We remark that the first inequality of Theorem 3.1 has been proved in 111, p. 2161 in a very different way. Also, for unitary A, B the above theorem is well known. The methods of the proof of Theorem 3.1 yield a different proof of the following result due to Li [9]. 3.2. Let T E M,(C), and assume that h”) = diag( A$?E i = I..., 4, are diagonal matrices. Then there is a permutation r

THEOREM

M,(C),

such that

168

L. ELSNER

AND

Proof. Set T = (tj.>;. From the Main Theorem, where D = (dij); is a d oubly stochastic matrix. Then

Use the Birkhoff theorem to deduce the claimed inequality holds.

the existence

S. FRIEDLAND

(lt,,j’);

> a,(T)“D,

of a permutation

It was pointed out to us by R.-C. Li that our proof of Theorem the following inequality for any A = (u,~>;, T E M,(C):

IIAOT(Ii

2 q2(T)

for which m 3.2 yields

min i Iain,I’. 37 i=l

REFERENCES A. B. Cruse, Linear Algebra

A proof of Fulkerson’s Appl.

12:21-28

characterization

of permutation

matrices,

(1975).

G. P. Egorichev, The solution of the van der Waerden problem for permanents, Dokl. Akad. Nauk SSSR 258:1041-1044 (1981). L. Elsner, A note on the Hoffman-Wielandt theorem, Linear Algebra Appl. 182:235-237 (1993). D. 1. Falikman, A proof of van der Waerden’s conjecture on the permanents of a doubly stochastic matrix, Mat. Zumetki 29:931-938 (1981). S. Friedland, A proof of a generalized van der Waerden conjecture on permanents, Linear and Multilinear Algebra 11:107-120 (1982). S. Friedland, Every 7-regular digraph contains an even cycle, J. Combin. Theory Ser. B 461249-252 (1989). S. Friedland, C. K. Li, and H. Schneider, Additive decompositions of nonnegative matrices with applications to permanents and scaling, Linear and Multilinear Algebra 23:63-78 (1988). D. R. Fulkerson, The maximum number of disjoint permutations contained in a matrix of zeros and ones, Canad. J. Math. 16:729-735 (1964). R.-C. Li, On perturbations of matrix pencils with real spectra, Math. Comp., to appear.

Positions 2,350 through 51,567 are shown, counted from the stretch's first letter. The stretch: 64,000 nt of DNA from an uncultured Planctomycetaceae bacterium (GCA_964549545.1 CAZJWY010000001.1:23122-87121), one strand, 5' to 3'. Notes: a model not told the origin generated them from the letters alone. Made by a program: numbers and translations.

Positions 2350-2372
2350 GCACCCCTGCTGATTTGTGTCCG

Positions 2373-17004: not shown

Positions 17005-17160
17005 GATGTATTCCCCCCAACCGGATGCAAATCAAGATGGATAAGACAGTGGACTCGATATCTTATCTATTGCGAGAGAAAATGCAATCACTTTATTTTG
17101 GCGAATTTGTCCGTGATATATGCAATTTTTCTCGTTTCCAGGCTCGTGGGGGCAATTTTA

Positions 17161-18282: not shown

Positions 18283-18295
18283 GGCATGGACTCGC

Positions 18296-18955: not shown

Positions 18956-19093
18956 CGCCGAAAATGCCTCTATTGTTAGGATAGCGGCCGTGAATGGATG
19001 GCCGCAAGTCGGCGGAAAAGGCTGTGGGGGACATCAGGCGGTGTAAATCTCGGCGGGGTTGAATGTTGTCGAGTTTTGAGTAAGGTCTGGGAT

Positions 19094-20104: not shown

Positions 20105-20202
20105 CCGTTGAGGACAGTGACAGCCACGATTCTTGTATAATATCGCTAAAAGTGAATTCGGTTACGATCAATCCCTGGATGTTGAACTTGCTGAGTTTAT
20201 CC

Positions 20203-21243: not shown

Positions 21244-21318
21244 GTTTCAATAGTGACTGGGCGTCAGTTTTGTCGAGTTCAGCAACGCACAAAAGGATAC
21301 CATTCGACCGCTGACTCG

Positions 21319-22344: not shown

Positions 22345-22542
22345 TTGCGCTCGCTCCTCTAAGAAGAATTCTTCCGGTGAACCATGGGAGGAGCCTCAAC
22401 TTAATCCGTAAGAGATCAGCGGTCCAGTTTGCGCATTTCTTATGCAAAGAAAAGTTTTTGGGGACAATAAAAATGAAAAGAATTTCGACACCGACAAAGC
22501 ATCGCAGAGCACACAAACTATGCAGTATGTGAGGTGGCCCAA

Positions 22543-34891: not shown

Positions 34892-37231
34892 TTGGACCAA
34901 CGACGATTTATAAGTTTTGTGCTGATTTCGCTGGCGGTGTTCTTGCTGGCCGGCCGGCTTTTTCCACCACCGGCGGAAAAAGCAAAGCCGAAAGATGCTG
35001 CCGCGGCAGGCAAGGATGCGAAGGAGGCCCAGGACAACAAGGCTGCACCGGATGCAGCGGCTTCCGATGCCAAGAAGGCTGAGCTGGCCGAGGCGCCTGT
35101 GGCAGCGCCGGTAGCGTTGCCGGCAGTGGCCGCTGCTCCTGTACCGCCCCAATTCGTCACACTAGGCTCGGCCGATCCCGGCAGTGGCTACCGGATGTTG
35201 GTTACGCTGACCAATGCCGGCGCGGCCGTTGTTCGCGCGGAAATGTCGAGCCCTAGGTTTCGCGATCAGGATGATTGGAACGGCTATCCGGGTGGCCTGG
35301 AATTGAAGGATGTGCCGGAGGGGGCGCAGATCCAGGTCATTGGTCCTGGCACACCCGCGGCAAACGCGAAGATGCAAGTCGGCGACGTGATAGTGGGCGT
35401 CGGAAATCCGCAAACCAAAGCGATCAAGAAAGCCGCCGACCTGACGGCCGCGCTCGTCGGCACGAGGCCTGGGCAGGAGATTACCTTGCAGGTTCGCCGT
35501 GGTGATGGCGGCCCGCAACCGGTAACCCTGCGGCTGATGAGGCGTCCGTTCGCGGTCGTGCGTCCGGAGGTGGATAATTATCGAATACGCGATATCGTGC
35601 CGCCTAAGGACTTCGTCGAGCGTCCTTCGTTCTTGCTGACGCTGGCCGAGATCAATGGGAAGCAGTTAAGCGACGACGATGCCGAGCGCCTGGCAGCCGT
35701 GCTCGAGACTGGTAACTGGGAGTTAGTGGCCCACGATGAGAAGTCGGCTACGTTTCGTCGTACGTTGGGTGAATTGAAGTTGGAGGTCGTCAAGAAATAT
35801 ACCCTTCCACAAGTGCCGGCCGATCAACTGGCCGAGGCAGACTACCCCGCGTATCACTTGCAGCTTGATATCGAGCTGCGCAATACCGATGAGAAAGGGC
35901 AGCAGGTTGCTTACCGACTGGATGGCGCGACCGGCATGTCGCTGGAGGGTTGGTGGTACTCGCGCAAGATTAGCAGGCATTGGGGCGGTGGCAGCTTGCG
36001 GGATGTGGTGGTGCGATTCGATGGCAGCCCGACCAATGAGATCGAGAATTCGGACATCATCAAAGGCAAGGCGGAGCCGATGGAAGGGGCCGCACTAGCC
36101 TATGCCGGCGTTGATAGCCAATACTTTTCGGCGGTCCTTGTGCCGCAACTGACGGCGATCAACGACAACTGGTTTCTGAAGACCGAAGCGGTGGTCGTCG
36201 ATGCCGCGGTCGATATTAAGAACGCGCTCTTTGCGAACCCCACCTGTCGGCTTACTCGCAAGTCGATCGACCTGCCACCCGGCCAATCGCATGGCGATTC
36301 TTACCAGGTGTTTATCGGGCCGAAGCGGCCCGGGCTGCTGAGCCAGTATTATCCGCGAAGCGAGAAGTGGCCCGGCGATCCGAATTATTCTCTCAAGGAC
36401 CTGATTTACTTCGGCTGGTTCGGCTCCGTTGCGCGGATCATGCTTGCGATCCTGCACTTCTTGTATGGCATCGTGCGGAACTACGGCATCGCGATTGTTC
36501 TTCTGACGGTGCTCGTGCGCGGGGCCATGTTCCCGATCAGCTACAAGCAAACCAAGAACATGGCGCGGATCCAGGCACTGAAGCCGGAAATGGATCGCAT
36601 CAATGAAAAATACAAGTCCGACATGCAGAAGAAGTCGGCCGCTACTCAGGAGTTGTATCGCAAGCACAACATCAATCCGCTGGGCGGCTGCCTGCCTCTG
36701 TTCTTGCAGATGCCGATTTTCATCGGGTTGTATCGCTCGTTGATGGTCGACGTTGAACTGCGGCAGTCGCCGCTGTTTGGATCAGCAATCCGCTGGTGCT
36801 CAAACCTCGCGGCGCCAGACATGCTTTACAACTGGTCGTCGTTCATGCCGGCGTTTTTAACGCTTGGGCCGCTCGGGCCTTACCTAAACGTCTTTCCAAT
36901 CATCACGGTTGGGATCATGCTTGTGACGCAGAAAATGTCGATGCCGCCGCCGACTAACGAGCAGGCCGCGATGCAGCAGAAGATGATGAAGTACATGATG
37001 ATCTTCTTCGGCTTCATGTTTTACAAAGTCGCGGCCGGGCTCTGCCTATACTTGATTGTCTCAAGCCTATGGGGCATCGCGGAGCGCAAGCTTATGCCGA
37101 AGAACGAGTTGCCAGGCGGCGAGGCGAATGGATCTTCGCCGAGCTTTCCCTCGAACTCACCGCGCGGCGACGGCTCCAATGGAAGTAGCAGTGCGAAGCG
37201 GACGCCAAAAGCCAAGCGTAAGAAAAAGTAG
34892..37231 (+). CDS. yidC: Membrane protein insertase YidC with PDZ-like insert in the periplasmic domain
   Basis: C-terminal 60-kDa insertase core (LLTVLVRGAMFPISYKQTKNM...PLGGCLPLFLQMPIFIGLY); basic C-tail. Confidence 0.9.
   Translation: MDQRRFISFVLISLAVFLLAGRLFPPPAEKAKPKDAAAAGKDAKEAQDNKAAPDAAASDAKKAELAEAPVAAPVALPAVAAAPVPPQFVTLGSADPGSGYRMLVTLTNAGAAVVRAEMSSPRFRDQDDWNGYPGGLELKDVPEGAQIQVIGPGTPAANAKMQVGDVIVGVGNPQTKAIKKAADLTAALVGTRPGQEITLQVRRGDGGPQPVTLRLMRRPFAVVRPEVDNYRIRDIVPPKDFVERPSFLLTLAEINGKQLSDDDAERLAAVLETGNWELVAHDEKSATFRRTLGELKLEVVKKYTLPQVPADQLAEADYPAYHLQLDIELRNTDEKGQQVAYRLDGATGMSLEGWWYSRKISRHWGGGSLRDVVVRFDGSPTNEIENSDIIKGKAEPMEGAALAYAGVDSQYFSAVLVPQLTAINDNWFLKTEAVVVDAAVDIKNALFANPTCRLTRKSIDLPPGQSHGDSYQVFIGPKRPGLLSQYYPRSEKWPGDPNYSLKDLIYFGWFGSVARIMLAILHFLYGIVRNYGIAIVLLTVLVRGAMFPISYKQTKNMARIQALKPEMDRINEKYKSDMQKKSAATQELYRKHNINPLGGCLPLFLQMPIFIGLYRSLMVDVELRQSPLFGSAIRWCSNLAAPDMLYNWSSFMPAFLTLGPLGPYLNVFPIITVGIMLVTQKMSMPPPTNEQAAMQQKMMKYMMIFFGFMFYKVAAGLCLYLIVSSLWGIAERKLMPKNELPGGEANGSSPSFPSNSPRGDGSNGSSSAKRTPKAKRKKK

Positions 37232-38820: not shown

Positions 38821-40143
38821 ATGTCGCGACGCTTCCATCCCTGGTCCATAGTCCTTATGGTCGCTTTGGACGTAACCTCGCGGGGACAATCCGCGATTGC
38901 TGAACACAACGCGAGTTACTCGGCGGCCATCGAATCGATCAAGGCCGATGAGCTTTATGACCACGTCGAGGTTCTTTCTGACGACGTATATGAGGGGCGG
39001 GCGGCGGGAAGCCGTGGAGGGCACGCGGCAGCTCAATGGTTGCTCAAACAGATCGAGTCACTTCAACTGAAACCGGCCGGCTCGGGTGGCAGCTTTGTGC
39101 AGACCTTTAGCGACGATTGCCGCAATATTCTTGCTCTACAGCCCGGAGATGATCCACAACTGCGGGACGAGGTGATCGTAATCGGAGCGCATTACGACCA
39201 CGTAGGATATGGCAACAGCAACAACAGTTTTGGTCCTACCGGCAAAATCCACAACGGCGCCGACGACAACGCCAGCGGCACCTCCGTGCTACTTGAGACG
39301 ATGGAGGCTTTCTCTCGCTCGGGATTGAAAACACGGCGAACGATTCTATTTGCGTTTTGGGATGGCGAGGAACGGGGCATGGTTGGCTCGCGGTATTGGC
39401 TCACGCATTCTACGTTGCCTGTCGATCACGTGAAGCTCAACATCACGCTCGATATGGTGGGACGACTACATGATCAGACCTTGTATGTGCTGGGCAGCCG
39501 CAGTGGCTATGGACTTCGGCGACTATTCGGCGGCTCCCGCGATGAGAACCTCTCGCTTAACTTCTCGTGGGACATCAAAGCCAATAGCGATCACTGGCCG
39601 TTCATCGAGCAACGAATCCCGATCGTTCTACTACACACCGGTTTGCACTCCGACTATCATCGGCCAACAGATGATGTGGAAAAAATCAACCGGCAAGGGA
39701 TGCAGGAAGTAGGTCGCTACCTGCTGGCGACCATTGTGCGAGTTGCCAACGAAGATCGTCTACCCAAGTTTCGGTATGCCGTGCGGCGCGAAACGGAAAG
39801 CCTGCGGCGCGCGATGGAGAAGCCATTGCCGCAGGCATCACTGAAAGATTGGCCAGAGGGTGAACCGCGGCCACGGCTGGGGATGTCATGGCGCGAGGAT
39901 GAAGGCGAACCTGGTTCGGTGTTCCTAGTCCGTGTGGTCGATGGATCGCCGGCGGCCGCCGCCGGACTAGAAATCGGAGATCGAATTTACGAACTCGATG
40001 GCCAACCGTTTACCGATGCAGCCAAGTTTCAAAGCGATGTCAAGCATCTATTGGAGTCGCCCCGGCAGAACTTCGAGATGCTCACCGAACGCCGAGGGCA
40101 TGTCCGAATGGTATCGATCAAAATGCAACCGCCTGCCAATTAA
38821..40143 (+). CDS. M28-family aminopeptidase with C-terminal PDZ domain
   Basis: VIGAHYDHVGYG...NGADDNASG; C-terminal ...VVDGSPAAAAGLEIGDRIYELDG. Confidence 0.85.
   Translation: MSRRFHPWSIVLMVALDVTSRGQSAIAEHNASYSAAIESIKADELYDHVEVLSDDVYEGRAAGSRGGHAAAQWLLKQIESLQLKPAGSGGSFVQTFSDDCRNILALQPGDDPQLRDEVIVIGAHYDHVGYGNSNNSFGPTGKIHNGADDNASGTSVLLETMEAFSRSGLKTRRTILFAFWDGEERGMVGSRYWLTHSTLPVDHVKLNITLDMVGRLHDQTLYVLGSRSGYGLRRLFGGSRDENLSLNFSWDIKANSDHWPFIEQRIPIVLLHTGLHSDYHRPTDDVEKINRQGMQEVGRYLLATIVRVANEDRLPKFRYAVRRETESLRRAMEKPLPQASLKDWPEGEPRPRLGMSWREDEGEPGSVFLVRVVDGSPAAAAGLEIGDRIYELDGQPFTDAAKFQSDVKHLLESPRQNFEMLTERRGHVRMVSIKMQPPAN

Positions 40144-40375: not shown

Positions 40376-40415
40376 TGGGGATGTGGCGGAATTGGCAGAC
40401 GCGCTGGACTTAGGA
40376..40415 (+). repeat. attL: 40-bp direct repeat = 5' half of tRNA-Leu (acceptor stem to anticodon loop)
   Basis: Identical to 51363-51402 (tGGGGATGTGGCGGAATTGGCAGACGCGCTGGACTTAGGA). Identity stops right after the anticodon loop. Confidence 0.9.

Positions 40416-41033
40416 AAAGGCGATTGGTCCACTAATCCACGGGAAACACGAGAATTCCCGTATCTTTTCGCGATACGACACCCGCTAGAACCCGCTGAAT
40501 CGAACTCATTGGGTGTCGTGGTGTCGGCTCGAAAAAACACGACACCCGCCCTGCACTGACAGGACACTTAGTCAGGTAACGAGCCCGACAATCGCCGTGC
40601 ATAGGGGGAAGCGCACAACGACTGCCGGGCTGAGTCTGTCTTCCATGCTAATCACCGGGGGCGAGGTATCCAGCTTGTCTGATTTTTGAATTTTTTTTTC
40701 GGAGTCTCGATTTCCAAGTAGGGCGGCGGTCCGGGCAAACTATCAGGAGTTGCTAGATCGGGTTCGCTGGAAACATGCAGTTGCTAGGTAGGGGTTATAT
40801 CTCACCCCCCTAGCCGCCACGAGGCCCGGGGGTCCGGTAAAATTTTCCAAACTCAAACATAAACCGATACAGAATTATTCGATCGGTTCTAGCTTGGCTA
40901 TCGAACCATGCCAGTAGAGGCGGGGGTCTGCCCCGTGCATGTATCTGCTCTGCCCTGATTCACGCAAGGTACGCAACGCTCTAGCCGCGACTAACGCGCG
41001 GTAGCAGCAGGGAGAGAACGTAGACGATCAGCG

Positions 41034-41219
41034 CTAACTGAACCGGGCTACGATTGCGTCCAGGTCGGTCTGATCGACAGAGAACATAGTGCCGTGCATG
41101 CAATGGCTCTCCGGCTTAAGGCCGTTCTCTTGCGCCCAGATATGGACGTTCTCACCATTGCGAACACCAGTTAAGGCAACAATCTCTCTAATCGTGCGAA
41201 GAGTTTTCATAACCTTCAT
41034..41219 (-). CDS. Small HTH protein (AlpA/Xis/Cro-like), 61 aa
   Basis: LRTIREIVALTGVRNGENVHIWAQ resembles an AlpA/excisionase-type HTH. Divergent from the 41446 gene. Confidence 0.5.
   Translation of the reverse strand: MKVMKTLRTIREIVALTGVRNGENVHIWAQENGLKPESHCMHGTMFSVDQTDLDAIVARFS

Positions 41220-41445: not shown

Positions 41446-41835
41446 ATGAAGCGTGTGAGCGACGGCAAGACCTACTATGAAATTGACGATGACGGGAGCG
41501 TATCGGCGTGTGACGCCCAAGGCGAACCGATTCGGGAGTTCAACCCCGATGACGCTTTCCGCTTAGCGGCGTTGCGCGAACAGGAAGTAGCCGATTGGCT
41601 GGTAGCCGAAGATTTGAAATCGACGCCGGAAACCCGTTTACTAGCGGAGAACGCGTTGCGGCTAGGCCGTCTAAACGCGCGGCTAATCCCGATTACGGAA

DOUBLY 10 11 12 13

STOCHASTIC

MATRICES

169

M. Marcus and H. Mint, A Suruey of Matrix Theory and Matrix Inequalities, Prindle, Weber & Schmidt, Boston, 1964. G. W. Stewart and J. Sun, Matrix Perturbation Theory, Academic, 1990. C. Thomassen, The even cycle problem for directed graphs, J. Amer. Math. Sot. 5217-229 (1992). L. G. Valiant, The complexity of computing the permanent, Theoret. Comput. Sci. 8:189-201 (1979). Receiwd 25 November 1993; final manuscript accepted 8 May 1994